In mid-to-late 2005, the Internet reached a “tipping point.” Internet end users began doing a lot more than creating and posting their own content (text, music, photos, videos) and commenting (via blogs) on each others’ content and ideas. Internet hobbyists--lead users--began to develop thousands of new applications by combining two or more Web services to create fun and useful combinations. These customer improvisations which build on other's work are referred to as “mash ups.”
What Are Mash Ups?
The term mash up came from the field of music. A musical mash up is a remix of two or more songs into a new piece of music.
A Web mash up is a new application that is created by pulling together two or more complementary Web-based applications and/or data sources; for example, mapping a database of known child-molesters onto a map. Every time a new person is added (or removed) from the child molester database, their location is automatically added or removed from the map.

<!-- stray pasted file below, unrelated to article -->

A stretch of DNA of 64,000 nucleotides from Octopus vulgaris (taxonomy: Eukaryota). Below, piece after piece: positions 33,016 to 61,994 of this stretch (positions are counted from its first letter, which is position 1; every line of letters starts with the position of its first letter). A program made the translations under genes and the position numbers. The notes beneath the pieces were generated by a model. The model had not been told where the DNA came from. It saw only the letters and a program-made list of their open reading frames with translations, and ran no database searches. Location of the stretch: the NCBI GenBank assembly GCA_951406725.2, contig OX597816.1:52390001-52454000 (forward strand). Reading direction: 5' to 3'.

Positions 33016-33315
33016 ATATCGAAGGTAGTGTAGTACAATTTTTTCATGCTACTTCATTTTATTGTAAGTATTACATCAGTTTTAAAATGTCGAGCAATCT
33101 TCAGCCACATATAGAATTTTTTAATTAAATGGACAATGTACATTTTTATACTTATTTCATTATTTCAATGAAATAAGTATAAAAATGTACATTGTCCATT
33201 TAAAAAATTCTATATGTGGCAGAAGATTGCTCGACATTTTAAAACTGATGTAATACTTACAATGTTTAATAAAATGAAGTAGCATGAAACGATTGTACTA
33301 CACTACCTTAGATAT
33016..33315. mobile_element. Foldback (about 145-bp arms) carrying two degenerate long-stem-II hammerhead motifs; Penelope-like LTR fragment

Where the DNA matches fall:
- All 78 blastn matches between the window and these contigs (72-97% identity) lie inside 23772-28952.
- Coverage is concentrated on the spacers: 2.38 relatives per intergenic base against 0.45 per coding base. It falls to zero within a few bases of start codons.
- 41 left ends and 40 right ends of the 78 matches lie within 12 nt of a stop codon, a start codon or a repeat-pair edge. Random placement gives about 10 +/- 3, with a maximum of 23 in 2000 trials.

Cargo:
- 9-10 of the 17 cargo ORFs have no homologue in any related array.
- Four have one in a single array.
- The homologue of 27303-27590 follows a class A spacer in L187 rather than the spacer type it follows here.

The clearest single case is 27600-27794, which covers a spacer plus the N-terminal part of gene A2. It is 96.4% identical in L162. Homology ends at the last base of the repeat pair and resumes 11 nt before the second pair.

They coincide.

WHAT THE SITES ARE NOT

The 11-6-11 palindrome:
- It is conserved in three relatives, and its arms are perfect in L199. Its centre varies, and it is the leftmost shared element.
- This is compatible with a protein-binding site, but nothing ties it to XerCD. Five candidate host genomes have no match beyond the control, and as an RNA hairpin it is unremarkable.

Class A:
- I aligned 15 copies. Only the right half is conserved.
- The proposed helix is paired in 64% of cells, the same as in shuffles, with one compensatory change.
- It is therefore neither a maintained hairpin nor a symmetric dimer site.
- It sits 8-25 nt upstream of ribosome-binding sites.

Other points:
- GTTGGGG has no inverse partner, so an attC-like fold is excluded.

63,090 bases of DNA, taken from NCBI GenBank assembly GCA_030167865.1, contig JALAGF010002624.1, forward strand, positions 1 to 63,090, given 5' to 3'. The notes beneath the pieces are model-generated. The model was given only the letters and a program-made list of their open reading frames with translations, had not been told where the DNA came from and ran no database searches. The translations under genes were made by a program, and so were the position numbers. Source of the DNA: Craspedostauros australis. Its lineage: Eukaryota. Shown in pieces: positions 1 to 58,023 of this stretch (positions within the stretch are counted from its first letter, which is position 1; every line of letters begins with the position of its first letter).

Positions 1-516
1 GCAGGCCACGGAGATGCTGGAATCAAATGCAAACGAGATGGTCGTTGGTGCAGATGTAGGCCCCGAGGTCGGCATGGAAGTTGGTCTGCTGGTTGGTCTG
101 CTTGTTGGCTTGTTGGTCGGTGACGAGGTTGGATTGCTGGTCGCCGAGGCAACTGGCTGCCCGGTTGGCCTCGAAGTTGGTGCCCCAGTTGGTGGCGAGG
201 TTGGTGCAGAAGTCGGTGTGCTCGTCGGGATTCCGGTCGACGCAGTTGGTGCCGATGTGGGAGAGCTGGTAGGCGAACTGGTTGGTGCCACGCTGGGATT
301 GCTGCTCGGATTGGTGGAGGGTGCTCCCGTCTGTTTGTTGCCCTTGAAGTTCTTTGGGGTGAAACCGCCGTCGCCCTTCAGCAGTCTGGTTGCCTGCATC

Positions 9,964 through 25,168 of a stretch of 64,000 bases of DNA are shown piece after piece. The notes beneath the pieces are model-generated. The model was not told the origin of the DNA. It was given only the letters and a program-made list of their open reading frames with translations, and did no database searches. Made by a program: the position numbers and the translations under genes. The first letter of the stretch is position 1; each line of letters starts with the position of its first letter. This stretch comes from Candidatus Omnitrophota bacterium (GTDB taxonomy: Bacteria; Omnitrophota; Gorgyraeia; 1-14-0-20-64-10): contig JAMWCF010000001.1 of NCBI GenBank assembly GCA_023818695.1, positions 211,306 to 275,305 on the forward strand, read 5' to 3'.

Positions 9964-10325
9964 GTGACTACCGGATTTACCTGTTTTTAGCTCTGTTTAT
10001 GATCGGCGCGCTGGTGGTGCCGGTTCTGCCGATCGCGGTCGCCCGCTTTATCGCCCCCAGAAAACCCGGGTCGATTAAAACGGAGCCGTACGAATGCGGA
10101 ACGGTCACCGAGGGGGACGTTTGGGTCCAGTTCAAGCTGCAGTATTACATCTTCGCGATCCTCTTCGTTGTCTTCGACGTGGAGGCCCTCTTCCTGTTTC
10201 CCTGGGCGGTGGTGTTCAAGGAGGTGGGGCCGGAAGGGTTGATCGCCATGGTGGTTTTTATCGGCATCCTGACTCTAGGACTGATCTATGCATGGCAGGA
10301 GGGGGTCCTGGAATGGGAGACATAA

Maps are popular platforms for mash ups. People have created dynamically updated maps showing traffic jams on their commute to work, crime incidents in their neighborhoods, all the public Wifi locations within a five-mile radius, new sightings of animal or plant species they care about, the locations of public bathrooms, the actual movement of buses along their routes, the impact of global warming on bird migrations. You simply combine a mapping service--like Google Earth, Yahoo! Maps or VirtualEarth--with any geo-coded data set, and you have an application that updates itself every time the data changes.